In an important joint resolution in the United States, the Conference of Chief Justices and the Conference of State Court Administrators endorsed the continued use and expansion of problem-solving courts (such as drug treatment courts, mental health courts, and domestic violence courts) and made specific reference to the courts’ use of the principles of TJ. Although TJ and problem-solving courts (which emerged in Miami in 1989 with the first Drug Treatment Court) developed around the same time, their development was independent of each other, and for almost a decade, they each continued to show significant development within the U.S. legal system. However, in the mid-1990s, Judges Peggy Hora and William Schma began collaborating with David Wexler and Bruce Winick, speaking at conferences, and writing about the applicability of the TJ framework to the problem-solving (specifically, drug treatment) court phenomenon. Since then, the two concepts have developed a symbiotic relationship, and most problem-solving courts acknowledge the influence of the principles of TJ in their day-to-day work.
General Criminal Jurisdiction
Recently, scholars and, perhaps more significantly, judges and court administrators have begun to apply and implement the principles of TJ in courts of general jurisdiction. An excellent example is a manual produced by Canada’s National Judicial Institute. The manual uses TJ principles to inform judges how they might use probation as a behavioral contract. Also, with the implementation of insights such as relapse prevention planning, scheduled periodic review hearings, and early termination of probation after successful probationary sentences, the insights of TJ have added to the tools of judges in Canadian criminal courtrooms. In England, TJ principles have guided the way judges act even when handing down a custodial sentence. There, instead of simply sending the offender to custody without an explanation of the purpose of or reason for the custodial sentence, a community court judge completes a “Statement of Reasons,” which explains the rationale behind the incarceration, and sends a follow-up letter to further explain the need for the custodial sentence. In this case, the judicial officer takes care to condemn the act and not the person. Such practices use the psychological principles of procedural justice to inform their functions, and it is hoped that these practices increase the defendant’s sense of fair treatment and potentially facilitate future compliance with the law.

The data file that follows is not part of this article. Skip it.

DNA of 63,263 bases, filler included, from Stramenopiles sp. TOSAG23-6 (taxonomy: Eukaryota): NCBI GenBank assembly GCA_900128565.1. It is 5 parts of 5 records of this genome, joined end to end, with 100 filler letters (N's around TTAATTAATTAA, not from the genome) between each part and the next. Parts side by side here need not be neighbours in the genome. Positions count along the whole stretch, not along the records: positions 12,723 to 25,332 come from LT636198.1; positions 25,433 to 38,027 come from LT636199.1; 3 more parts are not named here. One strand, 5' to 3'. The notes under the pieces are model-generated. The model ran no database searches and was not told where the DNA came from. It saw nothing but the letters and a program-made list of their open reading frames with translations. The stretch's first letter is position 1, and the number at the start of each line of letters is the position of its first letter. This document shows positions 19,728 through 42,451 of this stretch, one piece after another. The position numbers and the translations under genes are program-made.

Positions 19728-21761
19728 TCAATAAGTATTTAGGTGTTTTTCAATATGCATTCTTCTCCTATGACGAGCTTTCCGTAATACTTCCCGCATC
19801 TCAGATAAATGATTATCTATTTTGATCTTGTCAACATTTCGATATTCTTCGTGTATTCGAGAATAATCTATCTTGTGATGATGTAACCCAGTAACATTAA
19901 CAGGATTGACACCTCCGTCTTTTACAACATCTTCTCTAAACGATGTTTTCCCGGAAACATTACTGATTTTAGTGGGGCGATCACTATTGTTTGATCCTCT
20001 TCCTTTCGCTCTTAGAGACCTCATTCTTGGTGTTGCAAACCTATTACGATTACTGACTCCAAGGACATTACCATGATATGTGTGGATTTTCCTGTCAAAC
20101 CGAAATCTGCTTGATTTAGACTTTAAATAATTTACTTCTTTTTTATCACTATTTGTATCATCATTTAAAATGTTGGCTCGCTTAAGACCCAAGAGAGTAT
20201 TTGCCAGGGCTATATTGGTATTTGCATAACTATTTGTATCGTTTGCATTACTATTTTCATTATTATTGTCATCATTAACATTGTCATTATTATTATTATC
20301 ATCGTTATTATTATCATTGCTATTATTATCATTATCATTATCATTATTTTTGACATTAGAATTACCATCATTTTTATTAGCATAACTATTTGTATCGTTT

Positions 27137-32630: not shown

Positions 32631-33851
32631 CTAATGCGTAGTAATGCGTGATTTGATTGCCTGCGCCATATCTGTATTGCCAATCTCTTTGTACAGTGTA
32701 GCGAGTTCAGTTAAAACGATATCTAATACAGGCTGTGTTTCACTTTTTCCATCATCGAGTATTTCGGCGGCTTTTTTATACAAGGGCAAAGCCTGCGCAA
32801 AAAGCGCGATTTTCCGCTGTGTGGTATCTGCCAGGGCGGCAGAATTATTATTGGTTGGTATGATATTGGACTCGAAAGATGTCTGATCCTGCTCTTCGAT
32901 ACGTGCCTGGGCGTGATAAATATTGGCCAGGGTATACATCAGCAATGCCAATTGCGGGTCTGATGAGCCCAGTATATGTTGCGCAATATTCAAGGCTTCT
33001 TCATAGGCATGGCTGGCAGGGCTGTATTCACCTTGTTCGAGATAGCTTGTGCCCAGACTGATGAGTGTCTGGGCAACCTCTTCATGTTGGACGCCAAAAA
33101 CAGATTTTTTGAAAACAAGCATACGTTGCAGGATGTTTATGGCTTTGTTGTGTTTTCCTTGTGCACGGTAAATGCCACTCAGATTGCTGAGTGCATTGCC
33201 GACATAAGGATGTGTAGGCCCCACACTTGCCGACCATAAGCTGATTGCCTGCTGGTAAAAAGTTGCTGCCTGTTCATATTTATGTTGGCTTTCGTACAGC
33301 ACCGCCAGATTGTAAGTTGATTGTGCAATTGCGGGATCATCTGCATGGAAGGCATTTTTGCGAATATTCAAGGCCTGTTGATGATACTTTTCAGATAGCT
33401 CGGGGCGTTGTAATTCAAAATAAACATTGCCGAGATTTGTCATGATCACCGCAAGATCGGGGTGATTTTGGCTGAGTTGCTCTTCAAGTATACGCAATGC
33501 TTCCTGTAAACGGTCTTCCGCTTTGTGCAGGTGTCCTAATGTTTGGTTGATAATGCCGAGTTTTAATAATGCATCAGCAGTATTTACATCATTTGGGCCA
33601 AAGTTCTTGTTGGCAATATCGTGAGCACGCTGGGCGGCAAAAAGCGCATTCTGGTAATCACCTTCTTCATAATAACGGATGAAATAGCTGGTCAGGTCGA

Besides its focus on criminal law, TJ continues to grow in the area of its origin—mental health law, principally through the work of Bruce Winick, Michael Perlin, Kate Diesfeld, and Ian Freckelton. There have also been important developments in family law and child protection law. Scholars such as Daniel Shuman and Katherine Lippel have looked at topics such as compensation in tort law and procedural justice elements in workers’ compensation.
TJ influences the processes of the courtroom and urges an expanded rehabilitative role for criminal lawyers. TJ also influences the way lawyers undertake their roles in their offices. The TJ perspective suggests that lawyers work with their clients to achieve outcomes that are good from a therapeutic standpoint as well as a legal one. It also encourages lawyers to explain the potential consequences of pursuing certain forms of action. For example, when combined with preventive law, TJ asks the lawyers not only to identify legal “soft spots” (potential legal problem areas) but also to identify psycholegal soft spots—areas where legal interventions may lead to antitherapeutic consequences regardless of the legal outcomes. TJ suggests that lawyers should discuss these potential soft spots with the client prior to any legal intervention to ensure that the client has a full understanding of the potential for therapeutic harm.
TJ has now established itself in the curricula of many law schools as well as a number of social science courses. The concept is also gaining prominence in clinical legal education.
The wide appeal of TJ has seen it spread from its birthplace in the United States to a number of countries, including Australia, Canada, New Zealand, England, Pakistan, Scotland, Puerto Rico, South Africa, India, Vanuatu, Spain, Israel, Italy, Sweden, and Argentina. Publications now appear in English, Spanish, French, Italian, Japanese, Swedish, Hebrew, and Urdu. Indeed, at the Third International Conference on Therapeutic Jurisprudence, held in Perth, Western Australia, about nine countries were represented.
The Future of Therapeutic Jurisprudence
The wide-ranging appeal and international growth of TJ have seen the concept move from the theoretical to the practical, with a growing number of justice systems around the world implementing the ideas and principles of the concept in new and exciting ways. The next chapter in the development of TJ will provide researchers, policymakers, and those involved in the justice system with an excellent platform to think about the way we see the law, legal actors, and the justice system in the future.
- International Network on Therapeutic Jurisprudence. (2006). Available athttps://law2.arizona.edu/depts/upr-intj/
- Stolle, D. P., Wexler, D. B., & Winick, B. J. (Eds.). (2000). Practicing therapeutic jurisprudence: Law as a helping profession. Durham, NC: Carolina Academic Press.
- Wexler, D. B. (1990). Therapeutic jurisprudence: The law as a therapeutic agent. Durham, NC: Carolina Academic Press.
- Wexler, D. B., & Winick, B. J. (Eds.). (1996). Law in a therapeutic key: Developments in therapeutic jurisprudence. Durham, NC: Carolina Academic Press.
- Winick, B. J., & Wexler, D. B. (Eds.). (2003). Judging in a therapeutic key: Therapeutic jurisprudence and the courts. Durham, NC: Carolina Academic Press.